Interpretation of Test Results

A positive test result will appear as a monoclonal spike in the β or γ protein regions on urine protein electrophoresis.  It is important to remember that a negative test result does not exclude a diagnosis of multiple myeloma or B cell neoplasia and a positive result requires additional confirmatory testing. Causes of abnormal test results are presented in Table 1.

Table 1.  Causes of Negative and Positive Bence-Jones Test Results

Positive Result Negative Result
  • Multiple Myeloma
  • Extramedullary plasmacytoma
  • Other B cell derived neoplasms such as chronic lymphocytic leukemia
  • Chronic lymphoplasmacytic inflammation (rare)
  • False Positive:
    • Marked proteinuria
    • ß2-microglobulin interference
    • Hemoglobin interference from (hemorrhage or hemolysis)
  • Intermittent secretion of light chain
  • Light chain concentration below limit of detection of the assay
  • Non-secretory type of myeloma (rare)
  • False Negative:
    • Delay in sample processing
    • Sample not refrigerated
    • Bacterial contamination


Confirmatory Tests

A positive Bence-Jones protein result on urine electrophoresis can be confirmed and further characterized by more sensitive and specific techniques such as immunoelectrophoresis and immunofixation electrophoresis. Immunofixation electrophoresis distinguishes between kappa and lambda light chains and identifies the heavy chains of IgA, IgM, and IgG. The most common problem reported with immunofixation electrophoresis is that it also detects intact immunoglobulins in the urine that are unassociated with Bence-Jones protein.  Additional diagnostic tests that may be helpful in confirming a diagnosis of multiple myeloma include serum protein electrophoresis to evaluate for monoclonal or biclonal gammopathy, radiography to evaluate for osteolytic lesions, and bone marrow cytology to evaluate for plasmacytosis (Figure 1).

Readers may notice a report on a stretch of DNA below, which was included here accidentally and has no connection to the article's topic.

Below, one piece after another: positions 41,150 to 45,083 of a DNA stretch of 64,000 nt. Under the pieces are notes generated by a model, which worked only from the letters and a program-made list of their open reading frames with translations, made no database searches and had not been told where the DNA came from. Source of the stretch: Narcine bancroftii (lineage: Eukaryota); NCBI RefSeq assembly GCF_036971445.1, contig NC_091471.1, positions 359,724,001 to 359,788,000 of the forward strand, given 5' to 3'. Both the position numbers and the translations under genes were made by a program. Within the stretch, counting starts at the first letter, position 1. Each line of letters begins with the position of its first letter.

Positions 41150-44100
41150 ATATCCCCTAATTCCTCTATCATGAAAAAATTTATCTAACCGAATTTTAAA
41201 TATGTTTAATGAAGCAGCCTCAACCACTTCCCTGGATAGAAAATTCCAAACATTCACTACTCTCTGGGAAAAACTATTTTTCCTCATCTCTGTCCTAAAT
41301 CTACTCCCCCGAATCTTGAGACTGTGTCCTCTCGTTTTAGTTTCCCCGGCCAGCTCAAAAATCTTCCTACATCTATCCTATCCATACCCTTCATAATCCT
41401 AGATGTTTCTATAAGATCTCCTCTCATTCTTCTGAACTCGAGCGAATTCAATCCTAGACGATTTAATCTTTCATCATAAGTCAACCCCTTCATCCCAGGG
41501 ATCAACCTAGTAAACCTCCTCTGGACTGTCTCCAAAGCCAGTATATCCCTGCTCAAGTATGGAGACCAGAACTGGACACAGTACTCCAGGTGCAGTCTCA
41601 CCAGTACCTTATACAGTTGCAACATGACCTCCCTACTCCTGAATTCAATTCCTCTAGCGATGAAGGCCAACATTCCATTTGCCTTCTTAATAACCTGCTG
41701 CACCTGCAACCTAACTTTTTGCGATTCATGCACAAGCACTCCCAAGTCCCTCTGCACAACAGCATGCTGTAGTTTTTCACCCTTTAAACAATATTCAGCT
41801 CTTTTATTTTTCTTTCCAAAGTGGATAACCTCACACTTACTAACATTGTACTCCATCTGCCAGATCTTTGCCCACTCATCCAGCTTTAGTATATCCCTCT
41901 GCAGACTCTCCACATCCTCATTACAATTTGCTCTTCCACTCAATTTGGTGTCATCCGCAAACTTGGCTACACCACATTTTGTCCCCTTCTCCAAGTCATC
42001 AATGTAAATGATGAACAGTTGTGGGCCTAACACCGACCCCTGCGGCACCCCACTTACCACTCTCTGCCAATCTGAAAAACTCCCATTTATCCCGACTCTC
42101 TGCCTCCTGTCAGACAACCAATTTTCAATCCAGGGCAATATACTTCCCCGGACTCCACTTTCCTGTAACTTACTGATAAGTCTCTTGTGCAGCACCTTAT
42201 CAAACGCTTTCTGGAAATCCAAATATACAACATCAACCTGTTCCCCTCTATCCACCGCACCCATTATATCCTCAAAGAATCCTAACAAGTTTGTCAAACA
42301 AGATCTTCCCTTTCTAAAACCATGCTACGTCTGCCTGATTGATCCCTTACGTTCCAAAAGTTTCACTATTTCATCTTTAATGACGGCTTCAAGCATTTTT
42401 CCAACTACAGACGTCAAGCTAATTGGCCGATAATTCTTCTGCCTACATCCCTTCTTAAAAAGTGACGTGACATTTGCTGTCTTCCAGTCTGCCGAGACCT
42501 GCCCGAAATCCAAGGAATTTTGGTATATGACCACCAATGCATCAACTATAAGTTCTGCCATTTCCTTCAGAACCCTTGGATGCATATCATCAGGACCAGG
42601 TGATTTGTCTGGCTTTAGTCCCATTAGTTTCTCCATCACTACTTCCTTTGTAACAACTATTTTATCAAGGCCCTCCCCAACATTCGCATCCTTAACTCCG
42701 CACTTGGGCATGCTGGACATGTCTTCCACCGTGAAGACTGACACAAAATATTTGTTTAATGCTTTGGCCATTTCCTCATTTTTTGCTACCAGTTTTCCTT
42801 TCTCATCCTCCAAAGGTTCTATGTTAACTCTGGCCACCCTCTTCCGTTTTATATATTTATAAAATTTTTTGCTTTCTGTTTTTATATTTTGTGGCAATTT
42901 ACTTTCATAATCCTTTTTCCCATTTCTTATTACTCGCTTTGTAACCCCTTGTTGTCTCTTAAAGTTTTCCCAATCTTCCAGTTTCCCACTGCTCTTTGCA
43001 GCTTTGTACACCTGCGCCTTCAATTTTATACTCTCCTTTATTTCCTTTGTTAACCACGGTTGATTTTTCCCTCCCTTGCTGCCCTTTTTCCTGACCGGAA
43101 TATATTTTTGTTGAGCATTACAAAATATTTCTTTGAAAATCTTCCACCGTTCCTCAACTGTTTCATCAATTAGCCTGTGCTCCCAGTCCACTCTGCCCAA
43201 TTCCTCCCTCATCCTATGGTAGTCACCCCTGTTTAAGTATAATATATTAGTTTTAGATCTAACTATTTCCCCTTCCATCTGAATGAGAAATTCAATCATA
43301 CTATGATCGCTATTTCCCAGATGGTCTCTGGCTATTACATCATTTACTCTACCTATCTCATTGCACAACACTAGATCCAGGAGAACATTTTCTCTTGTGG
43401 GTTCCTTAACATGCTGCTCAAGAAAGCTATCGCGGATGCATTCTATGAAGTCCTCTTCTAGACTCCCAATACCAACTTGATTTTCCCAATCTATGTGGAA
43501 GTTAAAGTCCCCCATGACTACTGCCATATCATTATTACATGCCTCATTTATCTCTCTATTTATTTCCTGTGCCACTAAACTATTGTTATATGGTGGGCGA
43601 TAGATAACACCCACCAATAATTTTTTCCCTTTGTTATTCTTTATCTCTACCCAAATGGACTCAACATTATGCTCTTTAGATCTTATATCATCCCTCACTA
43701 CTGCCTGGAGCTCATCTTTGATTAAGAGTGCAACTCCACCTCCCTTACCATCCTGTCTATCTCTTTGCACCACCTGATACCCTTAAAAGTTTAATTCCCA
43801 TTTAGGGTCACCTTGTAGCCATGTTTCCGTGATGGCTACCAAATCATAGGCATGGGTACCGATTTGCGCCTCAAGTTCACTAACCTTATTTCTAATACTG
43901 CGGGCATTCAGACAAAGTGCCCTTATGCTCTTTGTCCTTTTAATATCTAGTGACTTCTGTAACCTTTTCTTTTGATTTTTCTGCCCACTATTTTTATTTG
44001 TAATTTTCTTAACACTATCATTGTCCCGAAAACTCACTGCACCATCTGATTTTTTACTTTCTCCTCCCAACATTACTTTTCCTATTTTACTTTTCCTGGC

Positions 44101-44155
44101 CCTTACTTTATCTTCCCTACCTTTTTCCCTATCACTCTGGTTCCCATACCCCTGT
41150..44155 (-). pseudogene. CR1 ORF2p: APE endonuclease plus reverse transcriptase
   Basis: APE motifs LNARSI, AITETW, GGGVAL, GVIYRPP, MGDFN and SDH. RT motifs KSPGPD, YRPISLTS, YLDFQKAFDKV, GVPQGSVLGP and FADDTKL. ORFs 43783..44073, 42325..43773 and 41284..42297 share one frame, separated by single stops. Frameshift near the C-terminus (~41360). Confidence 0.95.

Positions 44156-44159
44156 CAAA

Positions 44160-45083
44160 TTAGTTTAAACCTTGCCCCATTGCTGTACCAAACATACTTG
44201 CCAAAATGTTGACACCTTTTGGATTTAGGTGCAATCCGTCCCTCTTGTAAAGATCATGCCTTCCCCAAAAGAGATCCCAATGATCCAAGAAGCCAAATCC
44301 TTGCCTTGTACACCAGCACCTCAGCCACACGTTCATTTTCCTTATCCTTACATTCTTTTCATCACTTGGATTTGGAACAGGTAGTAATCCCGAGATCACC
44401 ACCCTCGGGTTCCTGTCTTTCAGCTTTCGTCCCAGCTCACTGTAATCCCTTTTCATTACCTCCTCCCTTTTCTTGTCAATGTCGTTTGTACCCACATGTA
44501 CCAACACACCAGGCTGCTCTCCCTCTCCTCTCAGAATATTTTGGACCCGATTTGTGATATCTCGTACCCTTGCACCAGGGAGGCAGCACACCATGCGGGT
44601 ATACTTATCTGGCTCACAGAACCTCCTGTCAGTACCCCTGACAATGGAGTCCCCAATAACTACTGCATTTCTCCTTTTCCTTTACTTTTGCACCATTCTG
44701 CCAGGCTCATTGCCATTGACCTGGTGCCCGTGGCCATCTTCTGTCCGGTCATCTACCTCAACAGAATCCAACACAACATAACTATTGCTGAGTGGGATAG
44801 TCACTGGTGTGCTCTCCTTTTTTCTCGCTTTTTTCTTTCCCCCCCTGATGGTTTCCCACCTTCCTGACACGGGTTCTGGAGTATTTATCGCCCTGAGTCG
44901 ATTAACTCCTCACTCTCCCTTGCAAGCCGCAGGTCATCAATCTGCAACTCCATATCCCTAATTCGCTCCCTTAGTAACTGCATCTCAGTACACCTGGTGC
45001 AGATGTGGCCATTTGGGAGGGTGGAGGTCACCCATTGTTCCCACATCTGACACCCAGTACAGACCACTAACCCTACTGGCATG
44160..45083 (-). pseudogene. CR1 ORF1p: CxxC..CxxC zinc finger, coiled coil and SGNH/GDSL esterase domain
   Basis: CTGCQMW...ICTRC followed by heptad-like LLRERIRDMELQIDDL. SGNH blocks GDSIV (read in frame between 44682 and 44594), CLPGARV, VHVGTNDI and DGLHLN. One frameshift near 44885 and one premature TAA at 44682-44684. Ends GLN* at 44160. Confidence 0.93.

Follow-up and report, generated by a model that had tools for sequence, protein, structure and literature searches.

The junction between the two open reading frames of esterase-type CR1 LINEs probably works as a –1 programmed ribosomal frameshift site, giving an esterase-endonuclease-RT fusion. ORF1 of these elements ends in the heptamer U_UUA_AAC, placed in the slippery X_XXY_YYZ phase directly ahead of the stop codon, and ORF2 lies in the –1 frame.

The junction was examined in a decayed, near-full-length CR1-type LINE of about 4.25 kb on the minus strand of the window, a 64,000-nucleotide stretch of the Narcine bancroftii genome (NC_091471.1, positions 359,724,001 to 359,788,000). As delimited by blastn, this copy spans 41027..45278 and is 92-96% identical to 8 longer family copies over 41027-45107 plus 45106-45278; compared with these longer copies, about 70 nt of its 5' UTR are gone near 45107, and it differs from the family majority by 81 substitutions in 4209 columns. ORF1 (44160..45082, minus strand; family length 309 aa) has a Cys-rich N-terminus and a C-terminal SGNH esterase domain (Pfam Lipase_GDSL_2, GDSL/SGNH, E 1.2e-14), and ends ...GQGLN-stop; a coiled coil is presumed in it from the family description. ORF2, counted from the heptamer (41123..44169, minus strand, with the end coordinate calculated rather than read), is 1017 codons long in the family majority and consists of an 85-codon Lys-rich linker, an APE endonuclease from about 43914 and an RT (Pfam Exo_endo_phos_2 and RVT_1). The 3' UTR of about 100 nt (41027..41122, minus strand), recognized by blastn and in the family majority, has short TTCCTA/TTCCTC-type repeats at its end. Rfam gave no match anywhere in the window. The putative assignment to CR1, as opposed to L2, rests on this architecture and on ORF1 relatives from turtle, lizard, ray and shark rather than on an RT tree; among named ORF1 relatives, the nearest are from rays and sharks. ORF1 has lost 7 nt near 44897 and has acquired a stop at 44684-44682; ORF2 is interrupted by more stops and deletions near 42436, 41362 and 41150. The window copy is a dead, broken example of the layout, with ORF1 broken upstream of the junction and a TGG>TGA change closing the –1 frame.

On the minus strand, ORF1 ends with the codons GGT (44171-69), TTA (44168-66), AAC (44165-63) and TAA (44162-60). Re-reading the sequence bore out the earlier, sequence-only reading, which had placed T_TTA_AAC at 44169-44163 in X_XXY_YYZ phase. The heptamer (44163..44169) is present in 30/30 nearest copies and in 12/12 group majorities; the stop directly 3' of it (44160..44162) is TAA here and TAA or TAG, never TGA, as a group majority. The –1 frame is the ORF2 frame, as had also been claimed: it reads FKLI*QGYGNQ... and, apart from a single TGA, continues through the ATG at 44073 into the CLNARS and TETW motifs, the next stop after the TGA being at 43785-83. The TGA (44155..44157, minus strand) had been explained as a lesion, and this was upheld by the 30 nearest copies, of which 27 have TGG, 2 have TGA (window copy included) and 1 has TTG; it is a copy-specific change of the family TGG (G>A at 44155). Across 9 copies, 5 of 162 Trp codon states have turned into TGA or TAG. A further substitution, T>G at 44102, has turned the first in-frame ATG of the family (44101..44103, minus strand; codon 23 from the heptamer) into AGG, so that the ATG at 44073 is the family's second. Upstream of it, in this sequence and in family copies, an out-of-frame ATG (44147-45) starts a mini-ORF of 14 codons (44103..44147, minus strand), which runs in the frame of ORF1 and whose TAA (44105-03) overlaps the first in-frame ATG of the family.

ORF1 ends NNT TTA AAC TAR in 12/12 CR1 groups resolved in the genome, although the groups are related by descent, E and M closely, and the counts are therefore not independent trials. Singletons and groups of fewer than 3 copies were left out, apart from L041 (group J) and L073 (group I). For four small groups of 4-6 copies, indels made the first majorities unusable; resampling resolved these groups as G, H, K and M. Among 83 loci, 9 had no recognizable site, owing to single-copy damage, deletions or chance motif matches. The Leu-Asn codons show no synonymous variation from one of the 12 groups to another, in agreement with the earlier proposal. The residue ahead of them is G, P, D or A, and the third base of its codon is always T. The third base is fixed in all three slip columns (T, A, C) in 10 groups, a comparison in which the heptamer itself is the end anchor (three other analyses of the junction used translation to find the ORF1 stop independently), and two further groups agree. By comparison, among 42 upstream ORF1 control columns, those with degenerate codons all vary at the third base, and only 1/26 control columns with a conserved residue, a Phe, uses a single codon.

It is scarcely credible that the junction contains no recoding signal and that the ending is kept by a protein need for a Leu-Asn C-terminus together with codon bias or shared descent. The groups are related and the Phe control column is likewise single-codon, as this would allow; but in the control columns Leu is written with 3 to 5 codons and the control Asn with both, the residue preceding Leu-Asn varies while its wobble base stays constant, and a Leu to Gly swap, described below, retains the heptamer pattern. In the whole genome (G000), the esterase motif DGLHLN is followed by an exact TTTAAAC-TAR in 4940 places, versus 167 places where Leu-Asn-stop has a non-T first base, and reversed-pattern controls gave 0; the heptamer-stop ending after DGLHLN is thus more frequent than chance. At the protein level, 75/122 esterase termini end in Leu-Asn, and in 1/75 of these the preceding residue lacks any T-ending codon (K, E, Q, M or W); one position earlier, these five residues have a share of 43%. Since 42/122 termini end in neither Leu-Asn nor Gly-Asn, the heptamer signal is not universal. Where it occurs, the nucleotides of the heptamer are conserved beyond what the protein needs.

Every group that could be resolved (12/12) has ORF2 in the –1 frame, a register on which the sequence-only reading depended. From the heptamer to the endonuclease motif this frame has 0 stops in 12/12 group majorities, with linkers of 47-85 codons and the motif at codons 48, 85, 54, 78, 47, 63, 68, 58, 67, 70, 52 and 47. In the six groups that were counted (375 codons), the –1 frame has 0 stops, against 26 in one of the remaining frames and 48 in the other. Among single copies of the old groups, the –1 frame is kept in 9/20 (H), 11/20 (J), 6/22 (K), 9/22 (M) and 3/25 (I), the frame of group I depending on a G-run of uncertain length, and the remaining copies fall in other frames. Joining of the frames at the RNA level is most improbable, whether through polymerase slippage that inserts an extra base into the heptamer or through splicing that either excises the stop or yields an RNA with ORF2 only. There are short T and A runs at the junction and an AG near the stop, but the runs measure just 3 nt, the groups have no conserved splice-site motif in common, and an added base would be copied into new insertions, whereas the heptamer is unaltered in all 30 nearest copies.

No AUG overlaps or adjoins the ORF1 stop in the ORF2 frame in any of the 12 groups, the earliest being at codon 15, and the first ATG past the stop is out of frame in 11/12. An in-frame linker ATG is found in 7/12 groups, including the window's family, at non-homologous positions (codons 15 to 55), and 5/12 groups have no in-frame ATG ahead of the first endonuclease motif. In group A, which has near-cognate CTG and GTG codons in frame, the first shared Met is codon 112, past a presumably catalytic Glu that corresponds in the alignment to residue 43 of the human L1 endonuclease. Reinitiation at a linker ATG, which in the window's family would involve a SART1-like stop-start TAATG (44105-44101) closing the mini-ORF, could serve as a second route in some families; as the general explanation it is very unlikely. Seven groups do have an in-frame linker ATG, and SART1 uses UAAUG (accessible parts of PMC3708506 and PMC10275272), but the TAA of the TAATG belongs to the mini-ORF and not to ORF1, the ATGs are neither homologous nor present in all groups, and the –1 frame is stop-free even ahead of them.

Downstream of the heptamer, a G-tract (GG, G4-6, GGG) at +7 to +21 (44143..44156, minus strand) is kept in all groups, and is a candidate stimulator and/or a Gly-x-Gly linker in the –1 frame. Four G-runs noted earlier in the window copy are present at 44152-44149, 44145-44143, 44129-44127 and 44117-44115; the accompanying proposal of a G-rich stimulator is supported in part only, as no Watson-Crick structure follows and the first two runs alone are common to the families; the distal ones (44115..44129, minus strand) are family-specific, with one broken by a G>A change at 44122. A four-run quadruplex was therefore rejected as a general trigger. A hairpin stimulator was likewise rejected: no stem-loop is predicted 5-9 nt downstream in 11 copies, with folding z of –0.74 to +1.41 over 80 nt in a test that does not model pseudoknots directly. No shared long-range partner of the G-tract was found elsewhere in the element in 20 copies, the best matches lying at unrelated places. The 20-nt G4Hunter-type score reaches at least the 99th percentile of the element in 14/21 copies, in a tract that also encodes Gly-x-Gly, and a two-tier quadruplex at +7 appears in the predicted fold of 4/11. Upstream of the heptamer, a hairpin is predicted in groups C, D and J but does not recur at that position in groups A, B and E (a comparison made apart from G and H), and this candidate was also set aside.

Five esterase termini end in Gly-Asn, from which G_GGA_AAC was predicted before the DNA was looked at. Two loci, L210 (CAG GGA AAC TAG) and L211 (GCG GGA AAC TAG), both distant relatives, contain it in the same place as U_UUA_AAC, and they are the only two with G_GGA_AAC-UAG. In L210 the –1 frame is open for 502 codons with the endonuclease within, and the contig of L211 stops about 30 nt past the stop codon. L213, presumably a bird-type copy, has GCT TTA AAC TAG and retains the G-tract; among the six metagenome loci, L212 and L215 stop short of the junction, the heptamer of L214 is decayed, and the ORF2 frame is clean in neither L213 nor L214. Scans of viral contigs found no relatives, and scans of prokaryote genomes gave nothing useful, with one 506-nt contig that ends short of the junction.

Figure 1: Bone marrow cytology from a 10 year old dog with multiple myeloma. Note clusters of plasma cells (black arrows) among the hematopoietic precursors. 500x magnification, Wright-Giemsa stain.

Figure 1: Bone marrow cytology from a 10 year old dog with multiple myeloma. Note clusters of plasma cells (black arrows) among the hematopoietic precursors. 500x magnification, Wright-Giemsa stain.

For more information, please contact Angell’s Pathology service at 617-541-5041 or



  1. Bienzle D. Hematopoietic Neoplasia. In: Latimer KS, Mahaffey EA, Prasse KW (eds) Duncan and Prasse’s Veterinary Laboratory Medicine Clinical  Pathology, 4th ed., Ames, Iowa: Iowa State Press, 2003: 89-90.
  2. Thrall MA  et al. Laboratory Evaluation of Bone Marrow. In: Thrall MA et al. (ed.), Veterinary Hematology and Clinical Chemistry, Philadelphia: Lippincott Williams & Wilkins, 2004: 172-174.
  3. Ewing, PJ.  Bence-Jones Proteins.  In:  Vaden SL, Knoll JS, Smith FWK, and Tilley LP (eds)  Blackwell’s Five-Minute Veterinary Consult:  Laboratory Tests and Diagnostic Procedures:  Canine and Feline, Wiley-Blackwell, 2009: 85-87.